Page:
Fiddle Player And His Wife on the Family Farm

A Missourian remembers her fiddle player father, musically-talented mother, and Christmas on their family farm

| Good Old Days

Our family farm was a musical one. Dad was a natural fiddle player and Mama read music and could play for hours too-without the notes. We five kids all sang and harmonized 'round the piano. Often times neighbors would call and want to hear our folks play, and they would listen on the old-time telephone. They would visit us too and join in the music. We kids were all in music at school, as well as the big plays.

Mother would walk up to the church house before Christmas to teach the musical parts of a cantata to the children. Other ladies would help with the speaking parts.

The tree would be a huge one that touched the high ceiling. Its ornaments wouldn't be fancy. Gifts were simple, such as 10-cent silk hankies, 5-cent cotton ones, beads, color-books and crayons, combs, brushes, necklaces, books and other items that cost a fraction of what they would now.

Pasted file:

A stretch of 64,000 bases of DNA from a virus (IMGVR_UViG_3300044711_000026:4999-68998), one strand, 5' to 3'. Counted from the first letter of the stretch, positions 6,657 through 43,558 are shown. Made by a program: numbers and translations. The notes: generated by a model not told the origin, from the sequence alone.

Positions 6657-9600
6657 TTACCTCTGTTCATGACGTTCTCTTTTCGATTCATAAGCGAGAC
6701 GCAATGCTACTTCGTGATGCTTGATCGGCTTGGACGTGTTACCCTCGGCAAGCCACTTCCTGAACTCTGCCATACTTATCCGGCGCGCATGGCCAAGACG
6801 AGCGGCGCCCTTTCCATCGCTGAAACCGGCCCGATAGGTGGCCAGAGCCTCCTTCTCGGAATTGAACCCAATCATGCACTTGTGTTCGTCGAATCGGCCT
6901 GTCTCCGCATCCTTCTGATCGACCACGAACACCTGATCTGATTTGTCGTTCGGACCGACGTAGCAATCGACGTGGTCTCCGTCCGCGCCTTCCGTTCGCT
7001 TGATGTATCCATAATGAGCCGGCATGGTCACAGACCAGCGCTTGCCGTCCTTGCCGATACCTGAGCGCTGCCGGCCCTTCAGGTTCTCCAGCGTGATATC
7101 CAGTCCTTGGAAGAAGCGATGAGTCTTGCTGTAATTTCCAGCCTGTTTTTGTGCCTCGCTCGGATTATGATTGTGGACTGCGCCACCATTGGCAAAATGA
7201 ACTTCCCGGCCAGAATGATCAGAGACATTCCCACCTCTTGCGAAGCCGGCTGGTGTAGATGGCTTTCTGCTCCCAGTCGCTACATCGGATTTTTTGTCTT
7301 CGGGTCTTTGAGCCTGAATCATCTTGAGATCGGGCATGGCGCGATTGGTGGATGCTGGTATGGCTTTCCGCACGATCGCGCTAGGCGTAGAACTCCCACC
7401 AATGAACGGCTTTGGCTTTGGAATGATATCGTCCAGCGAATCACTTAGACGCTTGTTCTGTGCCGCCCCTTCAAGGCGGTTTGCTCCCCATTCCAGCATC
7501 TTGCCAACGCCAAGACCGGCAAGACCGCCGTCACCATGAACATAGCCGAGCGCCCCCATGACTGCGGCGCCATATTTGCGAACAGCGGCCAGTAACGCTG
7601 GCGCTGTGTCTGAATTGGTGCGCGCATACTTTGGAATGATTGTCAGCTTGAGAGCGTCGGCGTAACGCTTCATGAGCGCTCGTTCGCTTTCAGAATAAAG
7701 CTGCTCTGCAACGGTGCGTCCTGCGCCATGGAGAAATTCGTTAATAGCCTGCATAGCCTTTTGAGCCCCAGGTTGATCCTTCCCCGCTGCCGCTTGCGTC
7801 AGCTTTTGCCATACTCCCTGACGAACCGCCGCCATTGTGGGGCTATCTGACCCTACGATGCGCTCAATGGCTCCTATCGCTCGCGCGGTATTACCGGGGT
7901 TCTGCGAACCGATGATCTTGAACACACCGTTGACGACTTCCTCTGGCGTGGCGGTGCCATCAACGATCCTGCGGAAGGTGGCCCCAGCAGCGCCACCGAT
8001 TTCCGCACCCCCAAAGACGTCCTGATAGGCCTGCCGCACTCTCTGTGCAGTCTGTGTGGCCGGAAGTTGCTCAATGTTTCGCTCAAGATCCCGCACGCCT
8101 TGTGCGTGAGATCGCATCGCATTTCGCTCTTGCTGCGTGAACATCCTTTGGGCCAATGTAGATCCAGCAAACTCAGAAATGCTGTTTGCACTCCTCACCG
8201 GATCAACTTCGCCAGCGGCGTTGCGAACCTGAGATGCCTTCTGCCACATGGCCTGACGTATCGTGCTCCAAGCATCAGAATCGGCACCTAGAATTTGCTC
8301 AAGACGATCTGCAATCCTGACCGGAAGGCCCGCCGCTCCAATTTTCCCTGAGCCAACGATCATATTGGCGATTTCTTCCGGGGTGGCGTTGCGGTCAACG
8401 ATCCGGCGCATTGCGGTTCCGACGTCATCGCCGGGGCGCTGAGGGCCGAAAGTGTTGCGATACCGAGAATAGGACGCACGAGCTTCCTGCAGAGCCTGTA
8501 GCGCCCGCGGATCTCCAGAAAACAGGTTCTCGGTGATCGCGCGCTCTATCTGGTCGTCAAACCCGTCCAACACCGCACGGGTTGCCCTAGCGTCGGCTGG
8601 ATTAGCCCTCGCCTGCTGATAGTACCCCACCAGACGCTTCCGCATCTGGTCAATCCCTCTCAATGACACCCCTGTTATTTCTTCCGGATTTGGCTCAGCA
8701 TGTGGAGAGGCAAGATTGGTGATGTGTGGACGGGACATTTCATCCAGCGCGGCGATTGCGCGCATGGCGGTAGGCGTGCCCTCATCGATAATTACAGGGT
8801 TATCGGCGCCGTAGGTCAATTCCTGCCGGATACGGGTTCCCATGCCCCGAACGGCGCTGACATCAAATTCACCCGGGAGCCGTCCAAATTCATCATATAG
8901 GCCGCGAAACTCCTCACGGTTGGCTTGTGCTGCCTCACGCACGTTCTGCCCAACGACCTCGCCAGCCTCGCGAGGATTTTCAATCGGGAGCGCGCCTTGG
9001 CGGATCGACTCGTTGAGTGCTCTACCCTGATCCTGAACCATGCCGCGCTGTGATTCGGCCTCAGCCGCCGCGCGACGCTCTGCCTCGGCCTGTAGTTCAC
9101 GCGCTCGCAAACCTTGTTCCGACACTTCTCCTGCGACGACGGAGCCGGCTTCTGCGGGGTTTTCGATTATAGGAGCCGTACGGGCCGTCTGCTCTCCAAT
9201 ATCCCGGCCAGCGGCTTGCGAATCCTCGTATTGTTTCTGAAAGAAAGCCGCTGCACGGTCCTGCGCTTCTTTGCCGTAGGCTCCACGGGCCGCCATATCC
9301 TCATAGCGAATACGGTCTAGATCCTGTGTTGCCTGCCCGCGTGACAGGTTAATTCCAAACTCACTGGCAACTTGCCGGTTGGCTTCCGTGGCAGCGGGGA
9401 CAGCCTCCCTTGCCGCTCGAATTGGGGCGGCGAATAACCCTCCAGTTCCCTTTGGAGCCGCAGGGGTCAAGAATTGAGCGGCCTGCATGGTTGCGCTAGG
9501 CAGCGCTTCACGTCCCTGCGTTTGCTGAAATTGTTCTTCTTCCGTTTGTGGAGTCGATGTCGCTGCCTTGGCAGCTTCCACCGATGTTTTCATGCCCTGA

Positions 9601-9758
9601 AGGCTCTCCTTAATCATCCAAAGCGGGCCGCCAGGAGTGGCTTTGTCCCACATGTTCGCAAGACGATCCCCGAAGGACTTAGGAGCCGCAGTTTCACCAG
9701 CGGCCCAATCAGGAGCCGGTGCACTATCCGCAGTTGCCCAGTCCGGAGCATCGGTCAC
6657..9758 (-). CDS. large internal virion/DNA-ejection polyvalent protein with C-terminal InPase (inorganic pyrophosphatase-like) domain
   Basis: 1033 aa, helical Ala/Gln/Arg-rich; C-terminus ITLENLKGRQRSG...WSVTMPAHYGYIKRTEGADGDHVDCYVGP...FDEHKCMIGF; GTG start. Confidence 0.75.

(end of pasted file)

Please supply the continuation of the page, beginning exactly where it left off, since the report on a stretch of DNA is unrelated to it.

A big plump Santa Claus always thrilled us all with his bag of oranges and candy. He came in with a big, "Ho, Ho, Ho."

We kids still believed in Santa until a girl from the city told us it was our parents. I remember how the little girls cried.

The school Christmas program was a delight. We practiced it over and over again so it would be good for all the parents to see. As at church, we drew names and always bought our teacher a gift too. The only money we had for buying gifts was from picking up, hulling and drying the black walnuts on our hillside. Our hands would really be stained-but how proud each of us would be with our 85 or 90 cents to buy gifts for the names we drew, our teacher, parents, and our brothers and sisters.

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